Building a Better Supply Chain in Three Not-So-Easy Steps

July 11, 2008
Silos are fine for farms, but they wreak havoc on supply chains.

How can you build a healthy, collaborative and profitable supply chain culture at your business? It all comes down to communication, explains Ron Cain, president and CEO of TMSI Logistics, a provider of third-party logistics services. And a key component to good communication involves the breaking down of the silos that historically isolate the various areas of a company into unconnected islands with no apparent link to any of the other islands. To establish a silo-free supply chain, Cain recommends manufacturers follow this three-step process:

1: Start by asking, "What kind of culture drives our organization?" This step requires a clear-eyed look at how your people view themselves, how they view each other and how they view the organization.

Some good questions to ask during this process are:

  • Could investing in an improved workplace culture drive more effective communication? A culture that encourages communication means a business that effectively shares information. If you're eager to break the silo effect mentality, you'll need to change the culture.
  • Do you have the right team? Unfortunately, not everyone can be expected to buy into changing their communication habits to improve your workplace culture.
  • Are you personally willing to change -- and maybe fail? You can't expect everyone to change their way of working, communicating and collaborating while you keep your own habits. This means trying new approaches, stretching your abilities and risking failure. Creating an improved culture starts with you.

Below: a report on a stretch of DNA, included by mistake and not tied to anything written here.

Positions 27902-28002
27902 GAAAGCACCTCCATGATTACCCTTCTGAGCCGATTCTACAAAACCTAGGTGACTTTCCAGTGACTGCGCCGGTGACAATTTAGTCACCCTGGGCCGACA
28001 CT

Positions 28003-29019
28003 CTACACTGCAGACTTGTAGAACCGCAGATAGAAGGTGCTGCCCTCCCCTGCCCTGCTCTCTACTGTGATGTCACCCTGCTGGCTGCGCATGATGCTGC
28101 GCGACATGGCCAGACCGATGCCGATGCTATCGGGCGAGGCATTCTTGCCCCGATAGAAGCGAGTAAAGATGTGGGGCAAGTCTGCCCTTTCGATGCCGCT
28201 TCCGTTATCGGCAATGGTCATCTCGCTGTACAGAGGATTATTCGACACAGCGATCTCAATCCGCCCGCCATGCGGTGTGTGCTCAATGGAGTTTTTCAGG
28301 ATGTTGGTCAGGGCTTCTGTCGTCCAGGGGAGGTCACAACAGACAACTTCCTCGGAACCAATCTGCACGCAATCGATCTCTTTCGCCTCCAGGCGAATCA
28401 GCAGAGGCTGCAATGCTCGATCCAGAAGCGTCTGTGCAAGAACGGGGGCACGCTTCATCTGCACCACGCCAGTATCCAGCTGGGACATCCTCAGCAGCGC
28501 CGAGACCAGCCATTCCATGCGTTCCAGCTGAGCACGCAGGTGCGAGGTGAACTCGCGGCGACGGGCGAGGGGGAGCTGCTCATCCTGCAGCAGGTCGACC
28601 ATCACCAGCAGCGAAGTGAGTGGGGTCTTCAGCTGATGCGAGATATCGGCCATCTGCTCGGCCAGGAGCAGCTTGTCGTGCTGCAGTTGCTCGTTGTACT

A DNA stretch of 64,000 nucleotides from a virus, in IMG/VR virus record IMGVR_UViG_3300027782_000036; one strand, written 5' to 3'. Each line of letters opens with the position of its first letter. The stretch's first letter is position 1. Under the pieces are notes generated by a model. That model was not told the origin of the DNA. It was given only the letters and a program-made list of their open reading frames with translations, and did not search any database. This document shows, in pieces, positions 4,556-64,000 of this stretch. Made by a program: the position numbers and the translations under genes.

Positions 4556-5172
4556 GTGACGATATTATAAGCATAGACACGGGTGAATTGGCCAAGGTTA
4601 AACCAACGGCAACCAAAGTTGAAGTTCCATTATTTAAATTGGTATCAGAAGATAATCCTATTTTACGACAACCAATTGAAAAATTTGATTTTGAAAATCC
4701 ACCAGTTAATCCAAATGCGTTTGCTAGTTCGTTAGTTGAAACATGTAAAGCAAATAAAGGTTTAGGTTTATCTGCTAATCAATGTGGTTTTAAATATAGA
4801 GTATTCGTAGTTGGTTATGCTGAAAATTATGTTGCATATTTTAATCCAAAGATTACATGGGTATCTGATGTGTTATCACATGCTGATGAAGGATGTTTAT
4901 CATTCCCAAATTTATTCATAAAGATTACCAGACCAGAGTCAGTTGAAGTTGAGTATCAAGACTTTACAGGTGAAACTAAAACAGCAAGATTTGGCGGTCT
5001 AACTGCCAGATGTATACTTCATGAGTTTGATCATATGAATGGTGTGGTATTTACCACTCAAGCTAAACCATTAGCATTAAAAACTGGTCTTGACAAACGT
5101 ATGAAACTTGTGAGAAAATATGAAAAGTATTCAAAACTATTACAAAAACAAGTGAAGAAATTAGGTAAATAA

2: Identify the tools for your plan. To realize a communicative, performance-based workforce, you need both a plan and the tools to complete it. Before you start sawing floor planks, you should probably have a blueprint for your house, so let's start with the plan.

Your blueprint is a statement of your strategy and should provide a birds-eye view from 50,000 feet. It should derive from the mission statement and tell the story about how you want to create a performance-based culture.

Your tools, on the other hand, are the tactics and methods that you use to build, day-to-day, a culture that drives effective communication. A good tactical start is making sure your efforts are visible. Use technological tools to your advantage by sending e-mail updates, putting messages on pay stubs and setting up information centers to keep everyone in the culture loop.

3: Implement your plan for a culture that encourages communication -- and demolishes silos -- by creating incentives for it. These incentives will emphasize the importance of improved communications by putting your money where your mouth is. As you see improvements in communications, you should also begin to see improvements in your bottom line. And using financial incentives allows you to reward people for having an impact, both on the company's culture and its bottom line.

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